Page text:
I try and avoid focusing on negative topics, but this week I want to discuss NLP ‘s reputation – both good and bad.
A metaphor I use is one of martial arts. Founders of martial arts schools are often held in a certain reverence by their students. Sadly, some teachers exploit this to their own advantage. Likewise, NLP has a group of people who have made great contributions to the field, but some of these people have propagated a negative approach, including manipulation and attempts (usually rather clumsily) at ‘mind control’.
NLP and Hypnosis
This is particularly the case with those aspects of NLP that revolve around hypnosis. One of the early achievements in NLP was a detailed study of the founder of clinical hypnotherapy, Milton Erickson. This has been of huge benefit to many people. I have met and trained a number of hypnotherapists, who have found NLP’s structured approach, with specific processes for specific issues (phobias, resolving inner conflict etc.) very helpful. One told me that NLP techniques gave them specific tools to use with clients, something that was totally missing from their original training.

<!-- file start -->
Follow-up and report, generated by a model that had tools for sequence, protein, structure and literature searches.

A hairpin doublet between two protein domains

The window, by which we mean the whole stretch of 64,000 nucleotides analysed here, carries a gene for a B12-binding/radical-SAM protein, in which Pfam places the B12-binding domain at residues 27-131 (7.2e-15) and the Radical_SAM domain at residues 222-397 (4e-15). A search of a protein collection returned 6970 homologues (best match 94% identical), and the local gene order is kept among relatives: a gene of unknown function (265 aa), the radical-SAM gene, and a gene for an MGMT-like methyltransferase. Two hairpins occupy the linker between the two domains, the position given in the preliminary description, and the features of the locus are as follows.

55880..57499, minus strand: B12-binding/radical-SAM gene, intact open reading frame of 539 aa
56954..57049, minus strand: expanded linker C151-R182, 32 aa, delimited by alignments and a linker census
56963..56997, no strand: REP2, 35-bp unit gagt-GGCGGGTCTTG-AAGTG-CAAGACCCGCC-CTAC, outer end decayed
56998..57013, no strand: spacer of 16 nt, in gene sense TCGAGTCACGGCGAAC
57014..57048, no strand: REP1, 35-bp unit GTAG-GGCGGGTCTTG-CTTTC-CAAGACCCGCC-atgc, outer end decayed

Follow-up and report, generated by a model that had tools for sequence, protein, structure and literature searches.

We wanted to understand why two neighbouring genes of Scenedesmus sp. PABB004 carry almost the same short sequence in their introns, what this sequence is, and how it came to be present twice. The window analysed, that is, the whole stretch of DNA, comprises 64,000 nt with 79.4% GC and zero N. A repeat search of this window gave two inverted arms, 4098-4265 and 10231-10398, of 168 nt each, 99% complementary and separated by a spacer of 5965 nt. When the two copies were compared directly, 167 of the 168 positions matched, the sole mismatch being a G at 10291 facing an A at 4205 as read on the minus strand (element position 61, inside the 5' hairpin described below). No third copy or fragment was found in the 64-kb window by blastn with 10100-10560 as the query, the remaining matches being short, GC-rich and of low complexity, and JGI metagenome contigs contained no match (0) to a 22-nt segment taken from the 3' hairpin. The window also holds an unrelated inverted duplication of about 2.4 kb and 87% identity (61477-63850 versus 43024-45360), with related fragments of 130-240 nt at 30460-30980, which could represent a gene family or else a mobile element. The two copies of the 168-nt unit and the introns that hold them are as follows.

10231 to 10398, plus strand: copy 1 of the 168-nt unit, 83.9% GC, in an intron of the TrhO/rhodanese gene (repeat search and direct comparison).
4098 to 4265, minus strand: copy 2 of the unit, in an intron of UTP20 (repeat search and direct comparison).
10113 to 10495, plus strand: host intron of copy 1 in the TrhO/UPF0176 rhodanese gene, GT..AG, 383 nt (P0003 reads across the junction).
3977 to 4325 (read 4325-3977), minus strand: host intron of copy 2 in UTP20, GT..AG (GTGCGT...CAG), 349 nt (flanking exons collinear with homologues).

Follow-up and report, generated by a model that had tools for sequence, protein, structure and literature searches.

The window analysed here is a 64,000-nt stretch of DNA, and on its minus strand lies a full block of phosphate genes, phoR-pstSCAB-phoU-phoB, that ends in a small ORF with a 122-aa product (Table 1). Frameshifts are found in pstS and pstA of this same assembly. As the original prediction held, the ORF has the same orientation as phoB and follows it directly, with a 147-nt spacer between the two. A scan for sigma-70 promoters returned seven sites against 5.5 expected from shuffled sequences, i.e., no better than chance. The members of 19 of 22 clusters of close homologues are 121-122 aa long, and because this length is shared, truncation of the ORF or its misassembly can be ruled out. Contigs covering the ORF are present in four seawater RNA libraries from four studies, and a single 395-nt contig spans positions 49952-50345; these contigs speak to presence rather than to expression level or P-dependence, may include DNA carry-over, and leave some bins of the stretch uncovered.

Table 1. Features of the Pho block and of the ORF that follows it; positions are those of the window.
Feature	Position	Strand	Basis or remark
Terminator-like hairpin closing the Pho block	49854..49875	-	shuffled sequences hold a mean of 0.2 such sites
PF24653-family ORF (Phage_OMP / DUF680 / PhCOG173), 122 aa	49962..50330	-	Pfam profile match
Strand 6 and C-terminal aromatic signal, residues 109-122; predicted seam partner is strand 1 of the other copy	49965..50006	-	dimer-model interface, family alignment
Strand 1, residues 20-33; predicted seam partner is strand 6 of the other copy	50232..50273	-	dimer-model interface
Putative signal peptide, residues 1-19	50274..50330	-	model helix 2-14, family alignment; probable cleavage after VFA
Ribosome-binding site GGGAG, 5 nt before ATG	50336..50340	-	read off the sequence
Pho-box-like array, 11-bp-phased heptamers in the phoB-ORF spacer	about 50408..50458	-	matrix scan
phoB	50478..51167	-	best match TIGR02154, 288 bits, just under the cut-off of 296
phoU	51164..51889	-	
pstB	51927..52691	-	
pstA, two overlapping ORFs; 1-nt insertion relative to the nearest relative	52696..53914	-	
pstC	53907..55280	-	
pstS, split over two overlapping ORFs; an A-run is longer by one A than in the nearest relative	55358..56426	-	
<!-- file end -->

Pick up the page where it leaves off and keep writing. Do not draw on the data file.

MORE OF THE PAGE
However, I have also read about NLP hypnosis techniques being used to force things onto vulnerable people. This ranges from business sales, to attempts at manipulation by politicians and religious leaders – and on, to the unfortunate and sleazy field of seduction, as illustrated by the Tom Cruise character in the film Magnolia.
A classic example is the use of the embedded command, where a section of a speech is subtly given special emphasis. “If, like me, you believe in protecting the environment and, like me, you want the world to be a better place…” If the speaker finds ways of emphasising ‘like me’, the listener will be nodding at the end, agreeing with the content, but also thinking that they like the speaker.
In a way, of course, this abuse is a tribute to NLP. It shows that it works. But it is a tribute we can do without.
How can you tackle ‘bad’ NLP?
The best antidote to bad NLP is good NLP. If you study the subject, you will notice when a man behaves strangely on a date or a politician tries to lure you into trusting them. This knowledge means you can observe them doing their behaviour and it will have no effect on you, other than a feeling of revulsion at someone trying to coerce people to do things they do not want to do.
We all need to influence people, however. Where do you personally draw the line?
One feature of NLP is the understanding of the importance people attach to their own beliefs and values. A commonly held value is treating people with respect and honesty.
Intention is important, here. I believe that most people will sense if you have an intention to manipulate them. No matter how slick your influencing skills may be, you will not be trusted. Conversely, if you have an intention to treat people with respect and honesty, this will shine brighter than any ‘technique’ you try and use on people.